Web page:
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R.I.P. Scout26

Author Topic: UK looks to be moving forward on Social Media Regulation  (Read 170 times)


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UK looks to be moving forward on Social Media Regulation
« on: November 02, 2021, 10:28:42 AM »

I saw this on one of my various feeds today:

It's an opinion article, so take it with a grain of salt.  The author is clearly in the "Don't allow people to think badthought" camp of politics, but it looks like the UK is moving forward on trying to regulate social media the same way they do radio and TV for "harmful content". 

In essence, social media companies will be required to carry out regular risk assessments on the nature of harmful content on their platforms, and to take action on those harms as well as on any prevalent illegal content. Communications regulator Ofcom will assess the companies on those outcomes. If they don’t comply, the companies face multibillion-dollar fines, and potentially criminal charges for executives.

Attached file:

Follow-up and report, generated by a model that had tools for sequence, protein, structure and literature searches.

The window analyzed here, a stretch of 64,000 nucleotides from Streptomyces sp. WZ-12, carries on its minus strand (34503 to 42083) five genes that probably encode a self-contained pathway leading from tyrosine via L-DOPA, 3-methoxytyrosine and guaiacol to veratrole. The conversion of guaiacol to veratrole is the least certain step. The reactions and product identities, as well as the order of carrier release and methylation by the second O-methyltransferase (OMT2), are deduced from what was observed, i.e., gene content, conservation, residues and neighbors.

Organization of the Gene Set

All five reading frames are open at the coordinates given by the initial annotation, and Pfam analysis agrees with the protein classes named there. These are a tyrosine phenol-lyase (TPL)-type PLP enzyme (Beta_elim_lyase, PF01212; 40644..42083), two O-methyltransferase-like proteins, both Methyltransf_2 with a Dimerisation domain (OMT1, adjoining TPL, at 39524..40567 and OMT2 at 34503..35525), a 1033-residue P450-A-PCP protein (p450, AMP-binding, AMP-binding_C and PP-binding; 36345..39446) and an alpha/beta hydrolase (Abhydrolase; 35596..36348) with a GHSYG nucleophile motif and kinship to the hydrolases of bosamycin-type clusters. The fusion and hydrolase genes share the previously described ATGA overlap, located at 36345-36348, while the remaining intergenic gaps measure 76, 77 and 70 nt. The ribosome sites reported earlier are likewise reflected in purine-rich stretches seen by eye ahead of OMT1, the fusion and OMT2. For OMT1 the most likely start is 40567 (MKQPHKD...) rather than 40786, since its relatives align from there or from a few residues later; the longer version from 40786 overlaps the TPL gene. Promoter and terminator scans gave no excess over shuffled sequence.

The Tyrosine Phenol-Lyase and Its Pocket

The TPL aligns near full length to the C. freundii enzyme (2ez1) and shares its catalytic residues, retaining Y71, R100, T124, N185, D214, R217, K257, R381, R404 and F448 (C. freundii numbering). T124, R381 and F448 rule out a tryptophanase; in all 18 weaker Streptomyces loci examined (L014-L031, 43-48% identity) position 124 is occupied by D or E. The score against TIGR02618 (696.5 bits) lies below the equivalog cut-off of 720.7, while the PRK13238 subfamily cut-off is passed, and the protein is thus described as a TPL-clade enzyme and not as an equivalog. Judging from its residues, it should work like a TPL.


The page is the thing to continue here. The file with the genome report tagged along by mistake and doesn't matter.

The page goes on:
In other words, social media companies will have to provide much of the kind of information that Haugen leaked: internal research. That could, for instance, be data showing that women in certain parts of the U.K. are more liable to read Covid misinformation, or that certain teens are “hyper-exposed” to self-harming content. Ofcom would then tell the social media firm to tweak its algorithms to change those statistics, or be punished. 

As always on this kind of thing a lot depends on who gets to decide what is "harmful".  I bring this up here because the thought occurred to me that if the UK and EU (who are looking at something similar) gois e mgt end up with regulated social media here by default.  Much the same way CA *expletive deleted*ed up everyone's gas cans, or the whole world gets cookie popups due to the EU.  If criminal charges or billions in fines are on the table, I can see execs just making the whole internet a NERF'ed safe zone.